The aged pension age would be hiked to 70 and made harder to access under the commission of audit’s quest for budget savings.
In its long-awaited report, the commission on Thursday outlined its vision for the age pension arguing without change it was unsustainable and poorly targeted.
It wants the pension access age to rise to 70 by 2053, and the superannuation preservation age hiked to five years below the pension age, so that it would reach 62 by 2027.
The changes to the pension age would not affect anyone born before 1965.
The rise in pension payments would also be slowed by benchmarking it to 28 per cent of average weekly wages over a 15 year period.
The commission also wants the family home included in a new means test for eligibility, which would lock out senior couples sitting on properties valued at $750,000 or more, or singles with a home worth more than $500,000 – based on today’s values.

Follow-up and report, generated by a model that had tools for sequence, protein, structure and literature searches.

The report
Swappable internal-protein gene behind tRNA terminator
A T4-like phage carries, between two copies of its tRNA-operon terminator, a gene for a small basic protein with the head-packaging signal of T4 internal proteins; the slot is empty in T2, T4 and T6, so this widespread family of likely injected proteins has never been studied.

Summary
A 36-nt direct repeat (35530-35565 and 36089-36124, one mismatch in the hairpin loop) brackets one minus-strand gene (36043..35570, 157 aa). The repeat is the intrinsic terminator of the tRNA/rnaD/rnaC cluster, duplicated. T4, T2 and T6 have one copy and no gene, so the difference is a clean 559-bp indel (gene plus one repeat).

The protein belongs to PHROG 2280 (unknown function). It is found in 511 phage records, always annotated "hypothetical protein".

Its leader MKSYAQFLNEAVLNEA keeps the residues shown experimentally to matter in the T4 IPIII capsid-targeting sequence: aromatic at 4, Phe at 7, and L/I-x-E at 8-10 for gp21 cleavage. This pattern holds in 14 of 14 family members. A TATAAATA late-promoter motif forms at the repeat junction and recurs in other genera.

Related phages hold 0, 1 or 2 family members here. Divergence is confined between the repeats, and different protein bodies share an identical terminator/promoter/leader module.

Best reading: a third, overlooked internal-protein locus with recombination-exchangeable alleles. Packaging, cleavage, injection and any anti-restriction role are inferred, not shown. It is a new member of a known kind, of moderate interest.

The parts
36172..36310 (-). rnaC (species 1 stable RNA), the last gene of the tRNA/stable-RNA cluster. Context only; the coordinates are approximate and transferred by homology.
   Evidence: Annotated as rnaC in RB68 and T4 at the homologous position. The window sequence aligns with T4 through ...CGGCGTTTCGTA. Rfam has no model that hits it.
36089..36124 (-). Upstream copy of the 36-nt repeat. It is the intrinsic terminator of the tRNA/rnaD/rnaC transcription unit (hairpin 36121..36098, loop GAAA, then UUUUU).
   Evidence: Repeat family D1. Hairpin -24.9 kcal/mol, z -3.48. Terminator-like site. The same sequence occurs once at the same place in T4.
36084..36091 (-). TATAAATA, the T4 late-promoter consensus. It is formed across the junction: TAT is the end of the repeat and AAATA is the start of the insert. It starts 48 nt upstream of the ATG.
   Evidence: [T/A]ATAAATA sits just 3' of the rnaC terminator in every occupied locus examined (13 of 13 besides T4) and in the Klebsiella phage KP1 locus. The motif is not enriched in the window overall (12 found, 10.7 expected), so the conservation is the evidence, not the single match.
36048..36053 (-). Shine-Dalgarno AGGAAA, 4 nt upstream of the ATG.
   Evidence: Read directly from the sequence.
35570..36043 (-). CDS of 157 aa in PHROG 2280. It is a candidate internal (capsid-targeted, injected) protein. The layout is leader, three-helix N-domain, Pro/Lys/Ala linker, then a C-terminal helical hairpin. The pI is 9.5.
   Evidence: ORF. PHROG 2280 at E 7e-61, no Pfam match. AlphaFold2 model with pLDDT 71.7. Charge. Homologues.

The family home would also be included in the means test for aged care, so that seniors selling up would be required to partly pay the cost of their care.
The commission is also calling for the housing help for seniors program to be abolished and access to the seniors health card tightened to the most needy.
In another move, it also wants older jobseekers who currently get more than younger people on Newstart or other working age payments to get the same rate.
The changes are designed to be rolled out over time to minimise the impact on the community, commission chair Tony Shepherd told reporters before the report’s release.
“If we kick the can down the road and leave it too late, then the correction will be sudden and difficult,” he said.
Prime Minister Tony Abbott has ruled out any changes to the age pension before 2016 but has flagged an overhaul to eligibility and tighter indexation from 2017 onwards.